Maverick The next project, dubbed the Binti Biashara project, is a learning-based project funded by the Maverick Collective Fellows under PSI and implemented in Kilifi County, Magarini Sub County. The project brings together young women, their influencers, and key stakeholders to co-design, develop, test, and iterate concepts and models that will help young women feel more empowered to make decisions about not only their bodies, but their futures, finances, and potential career paths. Biashara program is born out of the adaptation process from global PSI A360 programming around EE/AYSRH done in Ethiopia, Tanzania, and Nigeria and testing within the Kenyan context. The program is based on the Binti Shupavu core AYSRH model with the key early prototypes layered being: aspiring together, community by in, learning and discovery followed by celebration. These components have been tested and we have seen evolution from round one to round two of the rough prototyping, resulting in the amalgamating of the approaches into two (2) more cohesive systems for testing – the Community Model and the Institutional Model – that are now ripe for live prototype testing as highlighted in the chat below; –


WHO ARE WE DESIGNING FOR

SAFE MOTHERHOOD

Through this program we advocate for the promotion of skilled and safe deliveries within our social franchise Tunza. The overall objectives of this program include: increasing demand for safe motherhood services within Tunza, increase access to safe motherhood services within Tunza and improving quality of care of private sector health providers within the Tunza Network through training and supervision.

PS Kenya has developed and disseminated information and education communication materials for the 3 audiences: women in the community, the community health worker, the health service provider in the first half of this year for BCC activities. Successful trainings in BeMONC & MPDSR have been carried out for Tunza facility providers to increase their skill in delivering babies safely. The program has also revised its data tools to capture adolescents and youth data.

CERVICAL CANCER

Through this program we advocate for the promotion of skilled and safe deliveries within our social franchise Tunza. The overall objectives of this program include: increasing demand for safe motherhood services within Tunza, increase access to safe motherhood services within Tunza and improving quality of care of private sector health providers within the Tunza Network through training and supervision.

PS Kenya has developed and disseminated information and education communication materials for the 3 audiences: women in the community, the community health worker, the health service provider in the first half of this year for BCC activities. Successful trainings in BeMONC & MPDSR have been carried out for Tunza facility providers to increase their skill in delivering babies safely. The program has also revised its data tools to capture adolescents and youth data.

OUR IMPACT

In 2016, we saw the numbers of adolescent girls and young women accessing contraceptive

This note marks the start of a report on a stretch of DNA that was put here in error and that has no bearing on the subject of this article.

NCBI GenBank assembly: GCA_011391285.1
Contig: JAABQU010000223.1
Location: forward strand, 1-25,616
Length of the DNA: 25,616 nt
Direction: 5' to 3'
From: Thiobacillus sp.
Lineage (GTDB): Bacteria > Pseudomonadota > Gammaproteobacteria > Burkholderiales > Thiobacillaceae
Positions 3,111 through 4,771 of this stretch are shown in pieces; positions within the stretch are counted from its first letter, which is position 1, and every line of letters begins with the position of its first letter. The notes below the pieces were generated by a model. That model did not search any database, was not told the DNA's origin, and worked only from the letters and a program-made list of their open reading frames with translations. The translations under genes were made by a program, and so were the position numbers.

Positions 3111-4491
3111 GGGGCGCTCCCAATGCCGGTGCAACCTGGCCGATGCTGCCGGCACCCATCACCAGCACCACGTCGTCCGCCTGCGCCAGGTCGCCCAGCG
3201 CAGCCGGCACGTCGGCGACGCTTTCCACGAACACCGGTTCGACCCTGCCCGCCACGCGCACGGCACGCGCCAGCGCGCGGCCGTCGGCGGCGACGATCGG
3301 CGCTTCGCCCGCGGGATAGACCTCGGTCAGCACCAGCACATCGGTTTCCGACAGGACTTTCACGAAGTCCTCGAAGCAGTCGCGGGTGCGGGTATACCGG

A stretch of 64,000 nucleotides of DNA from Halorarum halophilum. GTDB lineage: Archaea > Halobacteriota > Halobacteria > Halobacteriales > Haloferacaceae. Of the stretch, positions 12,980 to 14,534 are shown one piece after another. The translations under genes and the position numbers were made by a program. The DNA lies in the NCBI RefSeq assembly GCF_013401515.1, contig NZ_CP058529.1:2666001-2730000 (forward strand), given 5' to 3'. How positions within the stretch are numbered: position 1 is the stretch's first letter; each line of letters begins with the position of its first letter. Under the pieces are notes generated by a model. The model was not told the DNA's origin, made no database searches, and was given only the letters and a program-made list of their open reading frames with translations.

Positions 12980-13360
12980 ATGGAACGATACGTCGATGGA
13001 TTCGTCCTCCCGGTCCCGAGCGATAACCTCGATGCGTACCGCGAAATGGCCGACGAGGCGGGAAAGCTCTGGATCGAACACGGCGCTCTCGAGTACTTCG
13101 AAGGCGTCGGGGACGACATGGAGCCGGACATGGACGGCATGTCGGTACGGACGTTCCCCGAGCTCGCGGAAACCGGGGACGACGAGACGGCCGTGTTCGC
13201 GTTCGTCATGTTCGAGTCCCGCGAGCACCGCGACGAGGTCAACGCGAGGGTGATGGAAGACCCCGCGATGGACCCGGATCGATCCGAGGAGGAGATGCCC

services in Tunza clinics increase. A total 0f 59,781 FP methods were issued to adolescent
girls and young women. This accounted to 27% of all FP methods served through the Tunza
franchise. Over 3,800 IUCDs and over 11,200 implants were served to this demography.
Comparing these numbers the proportion of young women opting for long acting methods
were higher compared with the older generation.

161,344

Screened for
cervical cancer

161,344

Screened for
cervical cancer

HEALTH AREAS

Kitu ni Kukachora:Our understanding of the young people.
  • The current youths want to be real, feel empowered and make decisions by themselves. 
  • They want to break free from the existing norms. They want to influence their own future.
  • CASH is King to them, they want to get money. They value any avenue that would lead them into getting money. They would go for anything that appears to be the sure way to success.
  • They believe money facilitates a better lifestyle and freedom as well as happiness. This is what they would like to have.
  • To them money = happiness = SUCCESS
  • In short all what they want is to be successful and make it in life.
     

How we responded to this need

  • In order for us to make sense to them, we had to engage them around what is most important to them i.e What they value most – SUCCESS.
  • We believed that, the youth will only understand what we were proposing to them, if only they saw how it links to what they need most – SUCCESS.
  • We therefore created something that is more than just material, something that they can identify with – Linking their current choices in areas of Health, Education, Economic Empowerment, Social Issues and Governance to their FUTURE SUCCESS.

What is Kitu ni Kukachora?

  • Kitu Ni Kukachora was the life hack we created to speak success to our audience through a call to “Make a plan”.
  • Kitu ni Kukachora is derivative of the Swahili word “Chora ” which can be translated to mean “make a plan”. This was developed in conjunction with the youth after extensive surveys among target groups on what phrase best represents the call to “make a plan ” as youth.
  • The aim of the campaign is to give the youth the power to make the decisions and choices that determine how their future lives will be. Anchored on the four pillars of youth needs – Health, Education, Economic Empowerment and Social Issues. To increase acceptability and appeal of the campaign, we integrate interventions and messages through key touch points that appeal to youth i.e. music, sports, technology, fashion and entertainment with the focus being to get the youth to plan for the success that they so badly want.
  • Kitu ni Kukachora therefore holistically addresses the needs of the youth through responding to their interlinked needs across the main 4 pillars.

WASH

MALARIA

CHILD HEALTH

HIV/AIDS

REPRODUCTIVE HEALTH